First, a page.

Reviews by Our Customers Under the Age of 13

We highly value and respect everyone's opinion concerning the titles we offer. However, we cannot allow persons under the age of 13 to have accounts at BN.com or to post customer reviews. Please see our Terms of Use for more details.

What to exclude from your review:

Please do not write about reviews, commentary, or information posted on the product page. If you see any errors in the information on the product page, please send us an email.

Reviews should not contain any of the following:

  • - HTML tags, profanity, obscenities, vulgarities, or comments that defame anyone
  • - Time-sensitive information such as tour dates, signings, lectures, etc.
  • - Single-word reviews. Other people will read your review to discover why you liked or didn't like the title. Be descriptive.
  • - Comments focusing on the author or that may ruin the ending for others
  • - Phone numbers, addresses, URLs
  • - Pricing and availability information or alternative ordering information
  • - Advertisements or commercial solicitation

Reminder:

  • - By submitting a review, you grant to Barnes & Noble.com and its sublicensees the royalty-free, perpetual, irrevocable right and license to use the review in accordance with the Barnes & Noble.com Terms of Use.
  • - Barnes & Noble.com reserves the right not to post any review -- particularly those that do not follow the terms and conditions of these Rules. Barnes & Noble.com also reserves the right to remove any review at any time without notice.
  • - See Terms of Use for other conditions and disclaimers.
Search for Products You'd Like to Recommend

Recommend other products that relate to your review. Just search for them below and share!

Create a Pen Name

Your Pen Name is your unique identity on BN.com. It will appear on the reviews you write and other website activities. Your Pen Name cannot be edited, changed or deleted once submitted.

 
Your Pen Name can be any combination of alphanumeric characters (plus - and _), and must be at least two characters long.

Continue Anonymously
Sort by: Showing all of 4 Customer Reviews
  • Posted March 30, 2010

    Fascinating Look at the Biology of the Human-Animal Bond

    This is an important addition to the literature on human-animal bonds. Made for Each Other covers the current status of research about oxytocin, the attachment hormone, and the role that it plays when people and nonhuman animals interact. The science is solid. The information is interesting. And it's all explained in the most user-friendly way imaginable. Meg Olmert does a masterful job making neurobiology both interesting and easy to understand. She goes back to the earliest days when people and animals were interested in each other, and explains in a plausible manner how those early relationships most likely affected our biology. She also covers current-day studies that shed light on the nature of our special relationships with animals. I highly recommend this book for anyone interested in the human-animal bond, as well as for serious researchers on this topic.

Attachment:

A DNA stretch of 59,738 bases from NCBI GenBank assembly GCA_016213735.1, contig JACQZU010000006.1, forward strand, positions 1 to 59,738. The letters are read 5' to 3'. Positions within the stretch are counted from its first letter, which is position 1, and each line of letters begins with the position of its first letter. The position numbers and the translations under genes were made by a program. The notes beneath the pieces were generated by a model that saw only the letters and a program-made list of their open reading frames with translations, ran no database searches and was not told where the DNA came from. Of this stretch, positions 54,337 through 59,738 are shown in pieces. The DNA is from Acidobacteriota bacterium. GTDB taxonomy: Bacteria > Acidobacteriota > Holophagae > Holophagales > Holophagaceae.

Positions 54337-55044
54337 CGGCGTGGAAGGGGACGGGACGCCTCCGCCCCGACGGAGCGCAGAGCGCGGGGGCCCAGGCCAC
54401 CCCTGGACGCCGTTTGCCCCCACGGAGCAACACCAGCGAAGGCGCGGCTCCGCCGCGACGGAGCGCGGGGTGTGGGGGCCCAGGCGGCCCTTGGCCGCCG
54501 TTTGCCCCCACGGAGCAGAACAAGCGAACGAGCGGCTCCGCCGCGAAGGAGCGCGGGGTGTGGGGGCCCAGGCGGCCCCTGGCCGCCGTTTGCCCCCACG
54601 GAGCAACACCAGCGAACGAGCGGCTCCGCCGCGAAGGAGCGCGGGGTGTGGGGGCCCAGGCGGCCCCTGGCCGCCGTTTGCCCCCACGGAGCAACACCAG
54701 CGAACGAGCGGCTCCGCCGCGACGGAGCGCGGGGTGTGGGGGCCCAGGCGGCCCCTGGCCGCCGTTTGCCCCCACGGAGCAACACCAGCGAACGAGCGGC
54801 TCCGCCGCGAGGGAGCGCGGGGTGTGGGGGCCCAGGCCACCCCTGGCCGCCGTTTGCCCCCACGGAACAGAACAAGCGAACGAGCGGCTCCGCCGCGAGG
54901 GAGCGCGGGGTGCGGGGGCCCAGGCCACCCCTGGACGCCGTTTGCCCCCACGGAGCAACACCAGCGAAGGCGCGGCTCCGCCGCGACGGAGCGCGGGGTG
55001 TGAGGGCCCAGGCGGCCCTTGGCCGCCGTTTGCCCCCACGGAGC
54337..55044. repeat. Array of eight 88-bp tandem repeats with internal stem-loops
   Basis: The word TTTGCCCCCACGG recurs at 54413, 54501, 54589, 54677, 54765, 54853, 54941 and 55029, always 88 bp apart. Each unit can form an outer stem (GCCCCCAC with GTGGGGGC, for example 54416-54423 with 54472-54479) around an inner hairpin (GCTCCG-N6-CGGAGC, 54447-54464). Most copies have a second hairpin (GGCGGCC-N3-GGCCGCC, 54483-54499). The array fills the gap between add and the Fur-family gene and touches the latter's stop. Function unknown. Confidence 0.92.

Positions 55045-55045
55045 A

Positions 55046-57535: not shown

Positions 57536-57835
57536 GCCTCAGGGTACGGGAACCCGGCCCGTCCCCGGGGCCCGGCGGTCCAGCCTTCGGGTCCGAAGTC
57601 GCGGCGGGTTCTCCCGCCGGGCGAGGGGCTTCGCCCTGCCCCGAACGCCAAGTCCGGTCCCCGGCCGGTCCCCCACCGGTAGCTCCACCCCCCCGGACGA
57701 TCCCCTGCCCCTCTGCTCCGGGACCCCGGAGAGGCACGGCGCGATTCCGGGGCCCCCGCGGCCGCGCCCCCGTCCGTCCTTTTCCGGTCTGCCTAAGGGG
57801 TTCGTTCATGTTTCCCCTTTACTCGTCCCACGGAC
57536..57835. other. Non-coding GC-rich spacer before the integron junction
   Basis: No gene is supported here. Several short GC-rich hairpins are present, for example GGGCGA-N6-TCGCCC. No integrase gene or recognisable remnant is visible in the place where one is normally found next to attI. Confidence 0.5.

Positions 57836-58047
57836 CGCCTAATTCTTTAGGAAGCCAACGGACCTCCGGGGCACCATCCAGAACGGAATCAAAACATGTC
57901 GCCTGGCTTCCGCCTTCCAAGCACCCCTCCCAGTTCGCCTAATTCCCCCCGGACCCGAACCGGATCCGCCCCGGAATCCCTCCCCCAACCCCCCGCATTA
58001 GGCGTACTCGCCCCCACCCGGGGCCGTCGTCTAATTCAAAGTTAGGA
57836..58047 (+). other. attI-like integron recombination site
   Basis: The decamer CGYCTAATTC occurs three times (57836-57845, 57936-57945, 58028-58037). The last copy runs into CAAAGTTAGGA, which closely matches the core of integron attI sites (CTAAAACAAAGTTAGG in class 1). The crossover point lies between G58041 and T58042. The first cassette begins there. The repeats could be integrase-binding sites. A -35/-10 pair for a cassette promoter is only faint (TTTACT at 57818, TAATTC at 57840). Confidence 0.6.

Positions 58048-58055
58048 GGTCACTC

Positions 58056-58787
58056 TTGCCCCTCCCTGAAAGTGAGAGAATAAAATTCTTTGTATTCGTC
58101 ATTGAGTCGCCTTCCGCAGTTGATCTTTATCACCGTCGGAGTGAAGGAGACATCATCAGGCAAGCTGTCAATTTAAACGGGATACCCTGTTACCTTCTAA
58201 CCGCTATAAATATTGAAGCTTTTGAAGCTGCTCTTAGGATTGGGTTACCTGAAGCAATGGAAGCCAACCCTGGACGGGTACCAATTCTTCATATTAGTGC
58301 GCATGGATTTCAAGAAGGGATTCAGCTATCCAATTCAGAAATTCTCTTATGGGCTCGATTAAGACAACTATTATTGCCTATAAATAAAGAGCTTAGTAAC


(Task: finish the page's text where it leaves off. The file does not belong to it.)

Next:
1 out of 1 people found this review helpful.

    Was this review helpful? Yes  No   Report this review
  • Posted February 6, 2010

    Good book, some caveats

    A generally good book that follows some interesting paths. Caveats: A little too floridly written and over-the-top in spots, and (I think) her general conclusions are a little more pessimistic and depressing than need be.

    1 out of 1 people found this review helpful.

    Was this review helpful? Yes  No   Report this review
  • Posted May 22, 2009

    A must read for dog lovers as it presents a different standard on how to relate to your dog

    I have been an avid reader for years, including many books on or about dogs, but had never encountered a book like this one. My dog has become very dear to me so when I saw this book it really interested me. This book looked deeply into how oxytocin is a common bond in both humans and animals, particularly domesticated animals (dogs). This provides a bond which makes it impossible for humans to deny their place in the animal world. The book has given me the ability to look at the bond which I was forming with my dog in a different way. All animal owners must be keenly aware of this bond - it is an unconditional love relationship not a master - slave relationship. In addition, as the author pointed out, it could be the chemical that provides for a more positive emotional feeling which could be possibly developed to assist in many ways - even in helping autistic children. I hope Ms. Olmert has additional works planned.

    1 out of 1 people found this review helpful.

    Was this review helpful? Yes  No   Report this review
  • Anonymous

    Posted May 18, 2012

    No text was provided for this review.

Sort by: Showing all of 4 Customer Reviews

If you find inappropriate content, please report it to Barnes & Noble
Why is this product inappropriate?
Comments (optional)